Will going underwater on your mortgage lead to foreclosure?

On Behalf of | Dec 5, 2022 | Real Estate

Real estate markets can be volatile and react to everything from natural disasters to local industry development. How much a property is worth at any given time is essentially a reflection of what other people would willingly pay for it.

Sometimes, homeowners purchase their property when the markets are competitive and prices are high. They then find themselves in an unfavorable financial situation. They technically owe more on their mortgage than the property is worth when prices start to drop. If they were to sell the property in the near future, they would lose money on the transaction.

Being underwater on your mortgage is a stressful experience. Do you have to worry about foreclosure because of your situation with your mortgage?

Foreclosure won’t automatically follow changes in value

The home where you  live is the collateral property for your loan. So long as you remain in compliance with the terms of your loan, the property won’t be at risk. Your lender can only foreclose on a property when they haven’t received payments from you as agreed upon in the mortgage.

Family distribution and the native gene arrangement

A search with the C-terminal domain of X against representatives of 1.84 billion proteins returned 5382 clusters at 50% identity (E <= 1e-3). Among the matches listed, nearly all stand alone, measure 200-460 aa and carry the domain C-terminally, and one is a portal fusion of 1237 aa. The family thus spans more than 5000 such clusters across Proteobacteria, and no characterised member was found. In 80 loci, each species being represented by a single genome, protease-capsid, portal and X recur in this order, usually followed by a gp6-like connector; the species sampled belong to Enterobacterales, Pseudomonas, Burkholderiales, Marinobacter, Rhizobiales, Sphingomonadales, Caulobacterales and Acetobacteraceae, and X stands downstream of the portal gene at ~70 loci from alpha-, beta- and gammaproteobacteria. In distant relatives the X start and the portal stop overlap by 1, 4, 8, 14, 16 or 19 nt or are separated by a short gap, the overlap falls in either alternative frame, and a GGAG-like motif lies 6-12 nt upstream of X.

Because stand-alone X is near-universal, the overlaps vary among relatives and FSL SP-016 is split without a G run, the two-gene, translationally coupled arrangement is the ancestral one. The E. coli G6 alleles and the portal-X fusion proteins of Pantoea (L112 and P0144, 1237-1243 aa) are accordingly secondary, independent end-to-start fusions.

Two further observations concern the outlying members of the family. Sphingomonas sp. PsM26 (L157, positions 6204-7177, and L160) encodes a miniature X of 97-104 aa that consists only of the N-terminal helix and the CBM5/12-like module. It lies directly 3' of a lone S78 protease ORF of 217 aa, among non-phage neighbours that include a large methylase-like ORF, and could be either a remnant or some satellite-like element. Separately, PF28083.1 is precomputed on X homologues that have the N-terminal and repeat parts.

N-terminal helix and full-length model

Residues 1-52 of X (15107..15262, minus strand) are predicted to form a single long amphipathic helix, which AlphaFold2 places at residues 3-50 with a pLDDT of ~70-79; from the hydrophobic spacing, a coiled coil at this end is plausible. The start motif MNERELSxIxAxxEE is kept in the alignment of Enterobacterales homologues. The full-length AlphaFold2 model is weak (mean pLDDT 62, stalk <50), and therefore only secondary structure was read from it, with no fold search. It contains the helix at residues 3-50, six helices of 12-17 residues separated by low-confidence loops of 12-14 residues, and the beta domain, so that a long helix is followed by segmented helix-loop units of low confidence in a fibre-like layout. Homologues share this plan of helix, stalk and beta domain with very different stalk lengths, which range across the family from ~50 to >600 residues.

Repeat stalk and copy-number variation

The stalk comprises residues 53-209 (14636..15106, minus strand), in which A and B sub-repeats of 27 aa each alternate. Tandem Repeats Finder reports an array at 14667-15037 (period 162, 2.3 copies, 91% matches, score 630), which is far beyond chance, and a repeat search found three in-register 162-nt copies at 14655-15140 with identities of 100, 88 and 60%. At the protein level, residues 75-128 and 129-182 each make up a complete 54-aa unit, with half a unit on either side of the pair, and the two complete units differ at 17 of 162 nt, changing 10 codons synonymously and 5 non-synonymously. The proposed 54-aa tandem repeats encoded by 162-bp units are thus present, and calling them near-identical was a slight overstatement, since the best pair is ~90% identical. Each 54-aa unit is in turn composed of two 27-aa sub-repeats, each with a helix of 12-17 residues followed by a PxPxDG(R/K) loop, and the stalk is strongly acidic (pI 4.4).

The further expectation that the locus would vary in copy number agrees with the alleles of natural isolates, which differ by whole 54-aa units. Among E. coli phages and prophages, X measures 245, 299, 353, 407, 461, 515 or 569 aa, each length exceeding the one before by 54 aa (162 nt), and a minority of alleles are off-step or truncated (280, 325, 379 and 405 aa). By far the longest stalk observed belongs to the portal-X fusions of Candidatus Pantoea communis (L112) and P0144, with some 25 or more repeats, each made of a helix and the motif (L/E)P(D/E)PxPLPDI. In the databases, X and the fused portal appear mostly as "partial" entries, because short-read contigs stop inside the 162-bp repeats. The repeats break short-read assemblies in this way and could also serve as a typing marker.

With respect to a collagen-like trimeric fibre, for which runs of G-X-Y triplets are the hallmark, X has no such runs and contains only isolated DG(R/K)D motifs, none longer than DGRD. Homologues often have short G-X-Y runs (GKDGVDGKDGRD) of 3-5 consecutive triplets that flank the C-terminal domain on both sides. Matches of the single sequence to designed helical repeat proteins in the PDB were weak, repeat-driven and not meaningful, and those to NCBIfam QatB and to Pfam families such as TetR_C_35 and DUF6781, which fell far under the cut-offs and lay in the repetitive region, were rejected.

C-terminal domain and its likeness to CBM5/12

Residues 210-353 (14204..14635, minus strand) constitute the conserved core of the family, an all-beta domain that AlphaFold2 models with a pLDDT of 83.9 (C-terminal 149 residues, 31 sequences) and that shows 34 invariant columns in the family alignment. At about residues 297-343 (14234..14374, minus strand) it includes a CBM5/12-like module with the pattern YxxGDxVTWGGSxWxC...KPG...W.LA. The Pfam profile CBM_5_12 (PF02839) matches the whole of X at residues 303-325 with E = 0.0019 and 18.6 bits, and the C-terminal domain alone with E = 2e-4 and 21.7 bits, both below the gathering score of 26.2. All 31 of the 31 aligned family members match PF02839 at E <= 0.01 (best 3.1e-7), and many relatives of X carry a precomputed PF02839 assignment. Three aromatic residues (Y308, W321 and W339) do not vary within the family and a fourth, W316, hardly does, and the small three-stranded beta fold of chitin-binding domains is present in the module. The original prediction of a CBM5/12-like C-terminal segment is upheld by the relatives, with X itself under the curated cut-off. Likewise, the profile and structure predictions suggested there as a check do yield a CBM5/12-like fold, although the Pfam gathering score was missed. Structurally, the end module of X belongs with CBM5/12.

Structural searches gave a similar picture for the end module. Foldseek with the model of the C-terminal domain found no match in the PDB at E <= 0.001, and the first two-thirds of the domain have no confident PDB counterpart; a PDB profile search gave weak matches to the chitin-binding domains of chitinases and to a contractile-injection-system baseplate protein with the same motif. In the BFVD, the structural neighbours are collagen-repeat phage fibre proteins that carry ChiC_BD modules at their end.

Provided that you continue making payments despite realizing that the property is currently not worth the principal balance owed on the mortgage, foreclosure won’t be a concern for your household. If anything, mortgage companies would want to avoid foreclosure when the market is unfavorable, as they would recoup less of what they provided for the purchase of the property.

Although it can be disheartening to realize that you owe more on your mortgage than other people would currently pay for your home, large investments require a long-term perspective. If you continue living in your home and making mortgage payments, eventually you will pay down the principal to a point where listing your property will allow you to not only repay what you owe but also to have funds for the next home that you purchase.

Going underwater on your mortgage is a frightening experience for some people, but it doesn’t necessarily put your homeownership at risk. For those who have fallen behind on payments, there could be several options available. Lenders may be more likely to cooperate in loan modification requests when foreclosure would mean a financial loss. They may also be more cooperative with individuals who file for personal bankruptcy.

Learning more about your options when you believe you may have trouble with your mortgage can help you protect your interests in your home.